Efficacy of Dapagliflozin in Black vs. White Patients With HFrEF

Quick Takes

  • Dapagliflozin, compared with placebo, reduces the risk of worsening HF events, cardiovascular mortality, and all-cause death, and it improves symptoms similarly, in Black and White patients.
  • These findings suggest that SGLT2 inhibitors are beneficial in HF regardless of race.

Study Questions:

What is the efficacy and safety of dapagliflozin in Black and White patients with heart failure (HF) with reduced ejection fraction (HFrEF)?

Methods:

The study cohort was comprised of HFrEF patients enrolled in the DAPA-HF (Study to Evaluate the Effect of Dapagliflozin on the Incidence of Worsening Heart Failure or Cardiovascular Death in Patients With Chronic Heart Failure) trial. This included patients with New York Heart Association functional class II-IV with an ejection fraction of ≤40% and elevated N-terminal pro–B-type natriuretic peptide. Because >99% of Black patients were randomized in the Americas, this post hoc analysis considered Black and White patients enrolled only in North and South America. The primary outcome was the composite of a worsening HF event (HF hospitalization or urgent HF visit requiring intravenous therapy) or cardiovascular mortality.

Results:

Of the 4,744 patients randomized in DAPA-HF, 1,494 (31.5%) were enrolled in the Americas (North America: 677 [14.3%]; South America: 817 [17.2%]). Of these, 1,181 (79.0%) were White, and 225 (15.1%) were Black. Of the 225 Black patients, 121 (53.8%) and 104 (46.2%) were enrolled in North America and South America, respectively. Compared to White patients, Black patients had a higher risk of worsening HF or cardiovascular death (hazard ratio [HR], 1.37; 95% confidence interval [CI], 1.02-1.84), explained by a higher rate of worsening HF events (HR, 1.65; 95% CI, 1.17-2.33) rather than cardiovascular death (HR, 1.04; 95% CI, 0.67-1.61). Compared with placebo, dapagliflozin reduced the risk of the primary endpoint similarly in Black patients (HR, 0.62; 95% CI, 0.37-1.03) and White patients (HR, 0.68; 95% CI, 0.52-0.90; p for interaction = 0.70). The number of Black patients needed to treat throughout the trial (median follow-up, 18.4 months; interquartile range, 12.9-21.1 months) to prevent 1 from experiencing the primary composite endpoint was 11 (5-59), and the number needed to treat for White patients was 16 (10-46). Consistent benefits were observed for other prespecified outcomes, including the composite of total (first and repeat) HF hospitalizations and cardiovascular death (p for interaction = 0.43) and Kansas City Cardiomyopathy Questionnaire total symptom score. Study drug discontinuation and serious adverse events were not more frequent in the dapagliflozin group than in the placebo group in either Black or White patients.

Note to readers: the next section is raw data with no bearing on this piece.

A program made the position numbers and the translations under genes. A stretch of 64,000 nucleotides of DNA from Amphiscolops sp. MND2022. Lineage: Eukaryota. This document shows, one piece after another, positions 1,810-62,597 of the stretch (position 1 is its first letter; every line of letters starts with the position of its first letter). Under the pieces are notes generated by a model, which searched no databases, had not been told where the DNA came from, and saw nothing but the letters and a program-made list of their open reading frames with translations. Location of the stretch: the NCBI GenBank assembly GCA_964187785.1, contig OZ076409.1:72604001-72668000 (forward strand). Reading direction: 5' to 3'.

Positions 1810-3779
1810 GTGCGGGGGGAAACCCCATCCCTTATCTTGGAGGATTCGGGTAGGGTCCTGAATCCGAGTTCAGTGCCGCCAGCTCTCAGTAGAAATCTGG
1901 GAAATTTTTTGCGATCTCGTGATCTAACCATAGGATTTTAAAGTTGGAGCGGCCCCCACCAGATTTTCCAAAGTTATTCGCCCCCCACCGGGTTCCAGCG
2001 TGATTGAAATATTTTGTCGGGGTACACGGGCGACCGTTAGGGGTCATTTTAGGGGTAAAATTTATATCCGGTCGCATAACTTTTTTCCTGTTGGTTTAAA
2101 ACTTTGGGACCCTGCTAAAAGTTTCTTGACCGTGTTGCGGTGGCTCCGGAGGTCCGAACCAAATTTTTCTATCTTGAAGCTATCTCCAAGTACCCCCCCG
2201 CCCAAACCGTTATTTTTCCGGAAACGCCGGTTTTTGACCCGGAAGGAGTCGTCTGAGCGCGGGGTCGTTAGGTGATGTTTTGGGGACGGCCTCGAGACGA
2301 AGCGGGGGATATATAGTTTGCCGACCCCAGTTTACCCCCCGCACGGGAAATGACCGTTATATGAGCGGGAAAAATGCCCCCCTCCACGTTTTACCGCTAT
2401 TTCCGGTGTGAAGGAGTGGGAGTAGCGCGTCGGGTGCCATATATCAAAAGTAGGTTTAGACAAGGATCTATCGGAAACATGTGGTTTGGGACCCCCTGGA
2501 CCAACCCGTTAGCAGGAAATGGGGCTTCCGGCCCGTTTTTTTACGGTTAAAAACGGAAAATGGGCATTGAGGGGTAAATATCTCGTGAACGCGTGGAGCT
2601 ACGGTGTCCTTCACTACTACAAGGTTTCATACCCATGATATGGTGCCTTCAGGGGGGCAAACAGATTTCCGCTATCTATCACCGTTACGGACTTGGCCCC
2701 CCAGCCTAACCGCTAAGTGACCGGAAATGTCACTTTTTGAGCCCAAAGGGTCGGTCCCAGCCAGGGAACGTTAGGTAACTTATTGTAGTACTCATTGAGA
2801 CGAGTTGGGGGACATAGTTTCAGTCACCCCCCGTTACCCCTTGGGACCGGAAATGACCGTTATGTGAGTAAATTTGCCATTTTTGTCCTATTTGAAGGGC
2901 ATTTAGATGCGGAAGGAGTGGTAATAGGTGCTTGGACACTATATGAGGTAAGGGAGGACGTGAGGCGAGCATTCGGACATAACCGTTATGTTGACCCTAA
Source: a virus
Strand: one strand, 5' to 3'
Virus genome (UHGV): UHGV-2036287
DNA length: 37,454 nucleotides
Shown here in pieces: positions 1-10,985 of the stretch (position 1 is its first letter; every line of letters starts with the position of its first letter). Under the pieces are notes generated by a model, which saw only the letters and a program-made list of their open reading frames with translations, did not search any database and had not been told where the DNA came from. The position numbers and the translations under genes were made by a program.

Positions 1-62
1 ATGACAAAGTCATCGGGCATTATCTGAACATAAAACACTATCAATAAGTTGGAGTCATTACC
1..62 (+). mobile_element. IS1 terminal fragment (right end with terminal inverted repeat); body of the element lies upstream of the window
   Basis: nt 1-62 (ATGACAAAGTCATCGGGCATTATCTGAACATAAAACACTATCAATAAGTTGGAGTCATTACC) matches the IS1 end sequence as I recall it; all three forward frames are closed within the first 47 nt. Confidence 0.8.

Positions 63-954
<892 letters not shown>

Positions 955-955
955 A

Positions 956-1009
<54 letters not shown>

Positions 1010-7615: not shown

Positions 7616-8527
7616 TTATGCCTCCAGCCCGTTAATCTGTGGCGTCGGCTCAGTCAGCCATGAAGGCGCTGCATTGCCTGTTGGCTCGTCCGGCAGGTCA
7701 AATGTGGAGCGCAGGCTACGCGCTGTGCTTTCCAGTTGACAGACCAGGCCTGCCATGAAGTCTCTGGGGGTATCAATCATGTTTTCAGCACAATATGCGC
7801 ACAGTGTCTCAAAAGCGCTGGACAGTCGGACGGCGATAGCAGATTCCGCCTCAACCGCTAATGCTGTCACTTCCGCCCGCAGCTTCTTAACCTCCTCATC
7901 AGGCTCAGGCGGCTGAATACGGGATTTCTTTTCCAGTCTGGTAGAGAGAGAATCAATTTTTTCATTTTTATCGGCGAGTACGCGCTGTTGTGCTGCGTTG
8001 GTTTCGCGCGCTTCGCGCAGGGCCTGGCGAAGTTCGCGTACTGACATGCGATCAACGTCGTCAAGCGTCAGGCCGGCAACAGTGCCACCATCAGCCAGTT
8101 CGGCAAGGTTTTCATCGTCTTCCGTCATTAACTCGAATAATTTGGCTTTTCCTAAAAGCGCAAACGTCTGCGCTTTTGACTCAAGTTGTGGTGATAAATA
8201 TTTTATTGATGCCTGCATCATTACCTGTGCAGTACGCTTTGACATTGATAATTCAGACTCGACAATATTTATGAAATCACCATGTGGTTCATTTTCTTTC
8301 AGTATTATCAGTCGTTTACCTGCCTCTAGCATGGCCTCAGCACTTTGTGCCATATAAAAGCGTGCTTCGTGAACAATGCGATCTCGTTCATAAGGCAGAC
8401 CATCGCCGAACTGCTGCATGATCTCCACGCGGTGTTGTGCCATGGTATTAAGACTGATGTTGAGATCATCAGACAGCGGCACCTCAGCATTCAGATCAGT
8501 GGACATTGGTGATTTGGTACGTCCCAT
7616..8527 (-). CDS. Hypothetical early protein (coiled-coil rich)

Conclusions:

The study authors concluded that dapagliflozin reduced the risk of worsening HF and cardiovascular death, and it improved symptoms similarly, in Black and White patients, without an increase in adverse events.

Perspective:

This post hoc analysis suggests that dapagliflozin, compared with placebo, reduces the risk of worsening HF events, cardiovascular mortality, and all-cause death, and it improves symptoms similarly, in Black and White patients. These findings suggest that sodium glucose cotransporter 2 (SGLT2) inhibitors are beneficial in HF regardless of race.

Keywords: African Americans, Cardiomyopathies, Geriatrics, Heart Failure, Natriuretic Peptide, Brain, Race Factors, Risk, Secondary Prevention, Sodium-Glucose Transporter 2 Inhibitors, Stroke Volume


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